Photo of George Bush and Tony Blair at NATO summit in Istanbul. Image via Wikimedia
Sir John Chilcot’s report on Great Britain’s role in the Iraq War confirmed what many have long assumed: the government of Prime Minister Tony Blair—and, by extension, the administration of President George W. Bush—deliberately misled us, exaggerating the threat posed by Saddam Hussein and Iraq in order to justify the 2003 invasion of that country.
This is a travesty of justice. The thousands of American casualties, trillions of dollars of expenditures, hundreds of thousands of Iraqi casualties, and the rise of sectarianism, terrorism, Islamist extremism, and the other negative consequences of the invasion have been disastrous.
But even worse, even if Iraq really did have the proscribed “WMDs”, delivery systems, and weapons programs at the time of the invasion, the war would have still been illegal and unnecessary. Here’s why.
At the time of the U.S. invasion of Iraq roughly two dozen countries had chemical weapons, biological weapons, or nuclear programs with weapons potential. The mere possession of these programs is not legitimate grounds for invasion. Those who claim that the invasion would have somehow been justifiable if Bush and Blair had been telling the truth about Iraq’s WMDs and related programs are effectively saying the United States somehow has the right to invade dozens of other countries as well.
In fact, since the United States has chemical and nuclear weapons, it would presumably give other nations the right to invade us.
Defenders of the invasion and occupation claim that Iraq was in violation of UN Security Council resolutions regarding its program. But the United Nations determined—and the United States later acknowledged—they were not.
Furthermore, there was no authorization of force by the UN Security Council. The UN Charter—which, as a signed and ratified international treaty, has the force of “supreme law” according to the U.S. Constitution—declares unequivocally in Articles 41 and 42 that the UN Security Council alone has the power to authorize the use of military force against any nation in noncompliance of its resolutions.
The U.N. Security Council alone had the authority to determine what, if any, action to take regarding current or future Iraqi violations. The final pre-war UN resolution (1441) declared that any alleged violations be brought forward by the inspection teams consisting of experts in the field, not by any member state, and that at such a time the Security Council would “convene immediately in order to consider the situation and the need for full compliance.”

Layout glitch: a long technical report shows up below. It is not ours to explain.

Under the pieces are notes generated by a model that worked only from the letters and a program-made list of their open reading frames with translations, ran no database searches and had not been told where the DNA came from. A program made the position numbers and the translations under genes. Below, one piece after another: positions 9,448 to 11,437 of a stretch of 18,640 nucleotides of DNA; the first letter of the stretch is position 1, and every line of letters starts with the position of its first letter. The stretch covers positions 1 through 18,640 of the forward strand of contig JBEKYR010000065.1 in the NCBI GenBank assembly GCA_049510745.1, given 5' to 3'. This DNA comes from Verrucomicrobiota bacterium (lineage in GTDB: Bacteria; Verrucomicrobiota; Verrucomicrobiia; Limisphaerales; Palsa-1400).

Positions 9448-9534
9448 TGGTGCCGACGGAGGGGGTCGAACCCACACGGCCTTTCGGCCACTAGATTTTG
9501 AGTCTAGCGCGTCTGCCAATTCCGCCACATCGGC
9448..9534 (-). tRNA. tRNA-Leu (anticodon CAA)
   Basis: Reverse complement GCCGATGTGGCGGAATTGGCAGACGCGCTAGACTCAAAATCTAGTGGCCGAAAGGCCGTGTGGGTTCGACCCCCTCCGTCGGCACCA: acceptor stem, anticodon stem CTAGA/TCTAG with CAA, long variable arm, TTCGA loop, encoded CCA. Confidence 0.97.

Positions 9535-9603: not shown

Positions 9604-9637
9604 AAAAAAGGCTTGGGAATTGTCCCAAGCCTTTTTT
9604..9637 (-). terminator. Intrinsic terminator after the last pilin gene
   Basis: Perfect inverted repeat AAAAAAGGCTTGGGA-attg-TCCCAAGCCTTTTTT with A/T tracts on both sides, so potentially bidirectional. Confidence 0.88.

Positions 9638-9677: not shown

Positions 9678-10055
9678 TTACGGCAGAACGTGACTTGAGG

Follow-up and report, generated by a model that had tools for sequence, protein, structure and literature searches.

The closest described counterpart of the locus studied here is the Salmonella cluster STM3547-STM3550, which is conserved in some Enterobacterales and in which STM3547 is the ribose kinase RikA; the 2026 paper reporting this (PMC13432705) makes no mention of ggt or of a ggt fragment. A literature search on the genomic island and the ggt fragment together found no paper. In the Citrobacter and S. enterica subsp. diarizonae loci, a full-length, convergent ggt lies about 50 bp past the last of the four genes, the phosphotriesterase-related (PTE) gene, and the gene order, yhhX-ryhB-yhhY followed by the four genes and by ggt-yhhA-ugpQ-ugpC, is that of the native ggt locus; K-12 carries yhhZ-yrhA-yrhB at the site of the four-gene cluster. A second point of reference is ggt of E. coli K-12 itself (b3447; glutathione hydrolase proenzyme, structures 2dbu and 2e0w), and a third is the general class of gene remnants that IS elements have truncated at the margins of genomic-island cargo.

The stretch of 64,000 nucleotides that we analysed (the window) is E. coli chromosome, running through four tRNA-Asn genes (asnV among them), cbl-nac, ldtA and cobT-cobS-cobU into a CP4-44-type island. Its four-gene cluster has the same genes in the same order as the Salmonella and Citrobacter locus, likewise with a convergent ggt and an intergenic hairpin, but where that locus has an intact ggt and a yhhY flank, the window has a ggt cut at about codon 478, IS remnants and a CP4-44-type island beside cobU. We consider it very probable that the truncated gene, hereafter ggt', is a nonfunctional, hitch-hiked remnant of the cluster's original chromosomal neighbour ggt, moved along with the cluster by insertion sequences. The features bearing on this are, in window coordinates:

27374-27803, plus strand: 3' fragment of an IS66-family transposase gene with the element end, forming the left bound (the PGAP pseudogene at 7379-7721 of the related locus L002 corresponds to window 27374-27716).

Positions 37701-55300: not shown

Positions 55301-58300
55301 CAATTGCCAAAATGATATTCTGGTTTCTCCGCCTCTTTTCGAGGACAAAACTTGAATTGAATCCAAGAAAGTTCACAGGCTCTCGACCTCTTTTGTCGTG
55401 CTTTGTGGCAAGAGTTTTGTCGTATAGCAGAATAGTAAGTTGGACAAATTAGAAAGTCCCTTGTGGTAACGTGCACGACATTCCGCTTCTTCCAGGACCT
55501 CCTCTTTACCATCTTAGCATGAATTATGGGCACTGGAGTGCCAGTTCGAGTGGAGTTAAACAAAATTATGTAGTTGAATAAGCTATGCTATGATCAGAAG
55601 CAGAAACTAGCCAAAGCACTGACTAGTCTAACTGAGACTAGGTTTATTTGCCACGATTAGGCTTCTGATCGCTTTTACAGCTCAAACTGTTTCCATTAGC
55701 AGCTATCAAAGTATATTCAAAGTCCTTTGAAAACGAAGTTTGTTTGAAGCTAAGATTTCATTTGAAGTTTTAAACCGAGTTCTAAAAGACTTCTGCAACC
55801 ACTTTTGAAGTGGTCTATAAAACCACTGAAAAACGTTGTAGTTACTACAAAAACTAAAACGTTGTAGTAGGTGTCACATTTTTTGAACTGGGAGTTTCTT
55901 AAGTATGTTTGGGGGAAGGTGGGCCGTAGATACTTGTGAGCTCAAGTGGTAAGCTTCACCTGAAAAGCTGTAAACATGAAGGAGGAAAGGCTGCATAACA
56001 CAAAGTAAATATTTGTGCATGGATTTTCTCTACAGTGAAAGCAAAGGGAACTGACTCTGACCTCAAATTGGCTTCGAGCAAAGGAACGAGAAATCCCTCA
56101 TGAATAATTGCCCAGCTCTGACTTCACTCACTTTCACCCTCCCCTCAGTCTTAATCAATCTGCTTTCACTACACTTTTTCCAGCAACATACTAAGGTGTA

Today there are three other countries in violation of UN Security Council resolutions regarding non-conventional weapons (as there were back in 2003). UN Security Council resolution 487 calls on Israel to place its nuclear facilities under the trusteeship of the International Atomic Energy Agency. UN Security Council resolution 1172 calls on India and Pakistan to eliminate their nuclear arsenals and long-range missiles.
Not only have successive U.S. administrations blocked the Security Council from enforcing these resolutions, the United States has provided all three countries with nuclear-capable jet fighters and other military assistance and has subsequently signed a nuclear cooperation agreement with India.
To be clear, not only were charges by American and British officials that Iraq was violating the 1968 Nuclear Nonproliferation Treaty false, neither government expressed concern that Israel, India and Pakistan had never signed on. Furthermore, the NPT requires that the nuclear weapons states at the time of its signing make good-faith efforts to pursue complete nuclear disarmament, which the United States and Great Britain (along with France, Russia, and China) have failed to do. As a result, it is these countries, not Iraq, that were and are in material breach of the NPT.
Even if Iraq had WMDs, the threat of massive retaliation by regional forces—such as nuclear-armed Israel—as well as U.S. forces permanently stationed in the region provided a more than sufficient deterrent to Iraq using the weapons beyond its borders.
A costly invasion and extended occupation were completely unnecessary.
While the additional evidence provided by the Chilcot Inquiry of the duplicity by the British and American governments regarding Iraq’s military capabilities certainly merit attention, let’s not pretend that Iraq actually possessing such weapons and weapons programs would have justified the war.
To do so would just open the door for future disastrous military engagements against countries that really might have such capabilities.
Stephen Zunes is a professor of Politics and coordinator of Middle Eastern Studies at the University of San Francisco.